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Trip to Tommy’s with mum turns into long lunch

COMMUNITY: Living in a small town has its benefits like Kermie found out recently.
COMMUNITY: Living in a small town has its benefits like Kermie found out recently. Robyne Cuerel

MUM'S electric wheelchair is playing up.

It has taken on a life of its own and, at the most inopportune moments, decides to ignore the joystick and head off in its own direction.

As a consequence, we decided it is a bit too risky to let mum go off and play in the traffic by herself.

A couple of days tied down to the house was sending her stir-crazy so, after I knocked off the mail run, I suggested that I would walk with her down the street where we could have lunch together.

As a precaution I took the mechanic's last resort - a 4lb hammer.

It's been a while since I've had lunch down the street in our little town.

"Where would you like to go mum?"

"Tommy's," was the reply.

Tommy's is the local bakery. It goes under another name but everyone just calls it Tommy's. We got there without mishap and I went in to order.

"Your mum has hot milk, yeah? I'll bring it out with the food."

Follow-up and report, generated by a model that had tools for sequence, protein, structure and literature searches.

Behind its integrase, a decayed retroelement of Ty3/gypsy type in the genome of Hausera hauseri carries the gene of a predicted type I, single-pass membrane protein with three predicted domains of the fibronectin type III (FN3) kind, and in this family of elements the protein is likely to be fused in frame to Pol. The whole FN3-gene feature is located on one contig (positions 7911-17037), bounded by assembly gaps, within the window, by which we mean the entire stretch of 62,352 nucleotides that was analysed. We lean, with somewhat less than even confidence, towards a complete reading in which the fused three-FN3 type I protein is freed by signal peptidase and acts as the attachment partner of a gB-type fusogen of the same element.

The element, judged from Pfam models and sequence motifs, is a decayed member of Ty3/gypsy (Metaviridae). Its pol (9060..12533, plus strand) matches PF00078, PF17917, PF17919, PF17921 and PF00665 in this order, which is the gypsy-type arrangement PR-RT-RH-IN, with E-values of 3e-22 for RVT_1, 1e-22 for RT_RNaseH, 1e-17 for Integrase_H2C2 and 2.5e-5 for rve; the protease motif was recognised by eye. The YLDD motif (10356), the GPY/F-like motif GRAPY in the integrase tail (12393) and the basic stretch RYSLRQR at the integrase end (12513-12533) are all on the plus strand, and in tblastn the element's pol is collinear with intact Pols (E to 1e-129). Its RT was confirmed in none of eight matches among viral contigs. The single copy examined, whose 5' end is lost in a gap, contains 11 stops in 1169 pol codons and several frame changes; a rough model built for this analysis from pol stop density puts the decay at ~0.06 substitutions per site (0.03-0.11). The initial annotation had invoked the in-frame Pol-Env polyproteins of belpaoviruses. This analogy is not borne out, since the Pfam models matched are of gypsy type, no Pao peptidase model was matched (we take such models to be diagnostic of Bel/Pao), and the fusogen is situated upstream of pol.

Tommy's is a take-away, not a sitdown service joint. But they know mum well and look after her.

As we sit there, enjoying a brief ray of winter sun, Bobby walks up and stops for a chat.

While he and I are shooting the breeze, mum's friend Yolanda happens by.

No sooner does Bob leave when Lorna turns up and another conversation begins.

Bev, mum's sister, is next, followed by two or three other pals of either mum's or mine.

A half-hour lunchbreak turns into an hour and a half of catching up with recently and not so recently seen friends.

I, like many others, take our little town for granted, but sitting there brought home to me what a sense of community is engendered in small towns.

Sure, everyone knows everyone else's business and sometimes it can be a bit like living in a goldfish bowl, but getting a smile, a g'day or a longer catch-up like we did this day is a really good trade-off.

And you know that if there is adversity, the whole place will pull together as one.

Older truckies often say that the sense of community has gone from the industry.

If true, that would be a great shame.

Our industry - like my town - is relatively small.

Sticking together and sticking up for each other makes us all stronger - and happier.

Mum and I got back home as far as the front gate before the wheelchair got wilful.

A slap with the 4lb hammer got it the rest of the way.

Take care of you

Kermie, 0418 139 415, kermie52@bigpond.com

Big Rigs

Topics:  graham harsant life with kermie


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